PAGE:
The sharp pain on the left leg hit me when I leaned down to spit on the boardwalk. The jolt of pain caused me to momentarily choke on the wad of tobacco in my mouth. The next blow hit me in the right hip and knocked me to the ground, I covered my head and kicked toward a dark blob of an object. The kick landed, my boot hit what felt like a knee and a loud groan followed.

I hopped to my feet and landed a left hook to his rib cage, followed by a right straight, and felt his nose turn to mush. I reached for my pistol and from behind, a blow to my shoulder me to the ground. Before I could regain my bearings a series of blows from all sides rained down on me, the only option was to cover up my head, ride it out and hope for a chance to go for my pistol.

“That’s enough,” shouted Kate. The distinct sound of hammers cocking on a scattergun followed her voice. “You heard me, get off him, what’s wrong with you? Attacking a man at night with ax handles, do you have no shame?”

The blows stopped, I sat up on the sidewalk and recognized the two men standing over me, John Wesley and his partner. I should have known better than to leave them alive. “Thanks Kate.”

“Ma’am I suggest you stay out of this,” said John Wesley.

“Mister, I have no interest in your business but I’m not going to stand by and let you beat a man to death in the street. You two want to fight, settle it like gentlemen. Two men beatin’ another with ax handles, it ain’t right,” said Kate.

While Kate was talking I got got my feet and spit the blood out of my mouth. There weren’t any broken bones but I’d be almighty stiff in the morning.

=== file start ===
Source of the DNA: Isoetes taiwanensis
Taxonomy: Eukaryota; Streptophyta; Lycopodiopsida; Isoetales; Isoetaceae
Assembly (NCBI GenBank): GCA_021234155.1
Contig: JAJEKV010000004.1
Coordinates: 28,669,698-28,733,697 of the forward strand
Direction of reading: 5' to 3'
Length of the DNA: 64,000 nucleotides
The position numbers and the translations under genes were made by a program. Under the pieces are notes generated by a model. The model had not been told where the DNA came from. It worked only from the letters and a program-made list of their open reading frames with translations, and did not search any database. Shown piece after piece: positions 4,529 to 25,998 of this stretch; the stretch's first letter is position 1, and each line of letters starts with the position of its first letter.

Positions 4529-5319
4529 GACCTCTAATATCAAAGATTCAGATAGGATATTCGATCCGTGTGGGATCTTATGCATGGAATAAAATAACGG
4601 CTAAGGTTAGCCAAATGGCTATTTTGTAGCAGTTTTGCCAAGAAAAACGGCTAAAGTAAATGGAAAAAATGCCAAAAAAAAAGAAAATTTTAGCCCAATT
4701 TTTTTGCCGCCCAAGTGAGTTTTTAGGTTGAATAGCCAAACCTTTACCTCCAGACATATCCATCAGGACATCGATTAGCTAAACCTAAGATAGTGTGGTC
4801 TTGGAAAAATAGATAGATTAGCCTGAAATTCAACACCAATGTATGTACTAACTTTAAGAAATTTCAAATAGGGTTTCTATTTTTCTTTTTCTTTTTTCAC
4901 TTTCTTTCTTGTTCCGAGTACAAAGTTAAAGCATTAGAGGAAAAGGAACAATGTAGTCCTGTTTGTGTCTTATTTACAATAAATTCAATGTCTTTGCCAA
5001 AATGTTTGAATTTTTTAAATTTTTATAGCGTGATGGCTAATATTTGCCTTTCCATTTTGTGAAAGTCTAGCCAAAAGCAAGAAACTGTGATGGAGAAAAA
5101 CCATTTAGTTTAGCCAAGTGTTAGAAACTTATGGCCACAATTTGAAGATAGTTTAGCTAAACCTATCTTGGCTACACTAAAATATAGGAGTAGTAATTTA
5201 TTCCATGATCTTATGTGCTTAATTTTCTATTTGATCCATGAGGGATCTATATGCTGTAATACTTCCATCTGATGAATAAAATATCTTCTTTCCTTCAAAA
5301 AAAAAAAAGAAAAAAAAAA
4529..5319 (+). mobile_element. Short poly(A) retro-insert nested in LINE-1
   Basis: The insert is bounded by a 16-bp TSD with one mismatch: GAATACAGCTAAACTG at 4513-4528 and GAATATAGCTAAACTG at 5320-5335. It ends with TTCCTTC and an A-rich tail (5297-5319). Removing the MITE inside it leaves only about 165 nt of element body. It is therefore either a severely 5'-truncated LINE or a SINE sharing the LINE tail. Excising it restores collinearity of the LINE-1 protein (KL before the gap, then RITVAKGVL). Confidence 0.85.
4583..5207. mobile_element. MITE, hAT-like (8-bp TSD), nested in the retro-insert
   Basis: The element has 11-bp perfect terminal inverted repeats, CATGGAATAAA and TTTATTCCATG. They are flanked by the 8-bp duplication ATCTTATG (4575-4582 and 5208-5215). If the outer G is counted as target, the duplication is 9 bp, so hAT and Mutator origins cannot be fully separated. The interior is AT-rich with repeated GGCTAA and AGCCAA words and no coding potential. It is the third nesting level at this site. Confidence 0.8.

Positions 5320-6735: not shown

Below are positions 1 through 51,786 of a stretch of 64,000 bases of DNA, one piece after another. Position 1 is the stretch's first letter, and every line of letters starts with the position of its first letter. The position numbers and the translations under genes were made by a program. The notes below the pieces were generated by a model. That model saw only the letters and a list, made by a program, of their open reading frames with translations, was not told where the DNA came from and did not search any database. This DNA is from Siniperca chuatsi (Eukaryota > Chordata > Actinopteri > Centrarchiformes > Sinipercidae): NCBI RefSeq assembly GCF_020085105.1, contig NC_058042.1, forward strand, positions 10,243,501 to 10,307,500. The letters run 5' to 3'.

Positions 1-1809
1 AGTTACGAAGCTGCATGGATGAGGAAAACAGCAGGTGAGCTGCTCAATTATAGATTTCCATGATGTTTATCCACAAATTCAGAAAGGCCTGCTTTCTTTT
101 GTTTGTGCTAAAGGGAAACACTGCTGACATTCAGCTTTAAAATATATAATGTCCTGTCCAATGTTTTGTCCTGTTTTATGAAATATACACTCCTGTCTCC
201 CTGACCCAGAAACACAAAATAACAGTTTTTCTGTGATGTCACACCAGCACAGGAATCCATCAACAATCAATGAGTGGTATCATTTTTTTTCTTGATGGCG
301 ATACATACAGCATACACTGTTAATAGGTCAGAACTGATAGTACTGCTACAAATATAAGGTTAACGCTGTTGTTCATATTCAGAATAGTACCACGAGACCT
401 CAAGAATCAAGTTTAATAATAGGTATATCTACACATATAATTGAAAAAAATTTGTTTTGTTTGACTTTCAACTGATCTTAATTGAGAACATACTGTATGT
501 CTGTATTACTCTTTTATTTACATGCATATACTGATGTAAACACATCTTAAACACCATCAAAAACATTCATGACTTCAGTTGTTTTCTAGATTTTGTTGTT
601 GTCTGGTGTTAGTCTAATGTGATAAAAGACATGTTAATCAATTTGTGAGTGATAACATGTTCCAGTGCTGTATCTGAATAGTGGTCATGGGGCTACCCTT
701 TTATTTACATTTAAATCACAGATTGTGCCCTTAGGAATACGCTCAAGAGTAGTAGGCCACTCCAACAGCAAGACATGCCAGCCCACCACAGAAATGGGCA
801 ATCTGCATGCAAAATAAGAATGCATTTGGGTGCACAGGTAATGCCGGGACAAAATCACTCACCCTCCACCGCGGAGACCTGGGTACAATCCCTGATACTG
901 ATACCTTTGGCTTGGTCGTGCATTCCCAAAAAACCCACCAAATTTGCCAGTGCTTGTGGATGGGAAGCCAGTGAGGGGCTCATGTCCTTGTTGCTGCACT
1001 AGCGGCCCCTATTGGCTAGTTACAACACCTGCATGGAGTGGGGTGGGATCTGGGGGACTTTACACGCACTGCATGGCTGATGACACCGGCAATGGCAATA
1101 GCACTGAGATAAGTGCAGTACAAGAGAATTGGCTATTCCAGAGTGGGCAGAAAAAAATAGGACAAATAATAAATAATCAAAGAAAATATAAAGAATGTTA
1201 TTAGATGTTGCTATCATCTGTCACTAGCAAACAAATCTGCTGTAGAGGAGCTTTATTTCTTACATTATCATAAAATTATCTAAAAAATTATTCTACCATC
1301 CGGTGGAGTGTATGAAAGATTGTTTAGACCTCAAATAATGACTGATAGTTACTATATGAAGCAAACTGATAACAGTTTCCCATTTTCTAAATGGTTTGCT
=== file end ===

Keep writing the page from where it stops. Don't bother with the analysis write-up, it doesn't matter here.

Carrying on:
John Wesley smirked, “Miss, I’d feel better if you pointed that scattergun elsewhere. Your finger is awfully close to that trigger.”

“And my finger’s gettin’ tired. You two get to steppin’ ...  off you go,” said Kate.

John Wesley and his partner slowly backed away and headed down the street. Kate lowered the scattergun from her shoulder and de-cocked the hammers as they got out of range.

“Clayton Daniels, what in the hell is the matter with you?”

There was nothing to say, I ignored the question and picked up my hat. “Thanks Kate. That was close to being the end of me. Those are some mighty mean men and they had me down in a bad place.”

Kate sighed. “I worry about you.”

“I know you do and I worry about you too. But I can’t stand by and let that crooked Sheriff hang Mr. Jacobs and Bill Nelson for something they didn’t do. It just ain’t right. I don’t know how it’ll turn out but one way or another, it’ll be over soon,” I said.

Kate gave me a hug and a kiss. “Promise you’ll come see me as soon as it’s over?”

“I promise.”

Kate smiled and nodded toward the treeline. “Then get the hell out of here and do whatever it is you need to do.”

I smiled and tipped my hat to Kate. “Yes Ma’am.”

Georgina and I caught up to Mr. Jacobs and Bill Nelson about half way back to the ranch.

“Clayton you alright? Ridin’ a little crooked in that saddle.” asked Bill Nelson.

“Ran into some trouble on my way out of town,” I replied.

Bill nodded. “Anything we need to be worried about?”

“Not tonight. If you don’t mind me askin’ … how’d this whole thing get started.”

“I’ll explain over coffee in the morning, let’s focus on making it back to the ranch tonight,” said Mr. Jacobs.

 

To Be Continued Next Week

Ridin' for the Brand - Part V

Ridin' for the Brand - Part V

Ridin' for the Brand - Part III

Ridin' for the Brand - Part III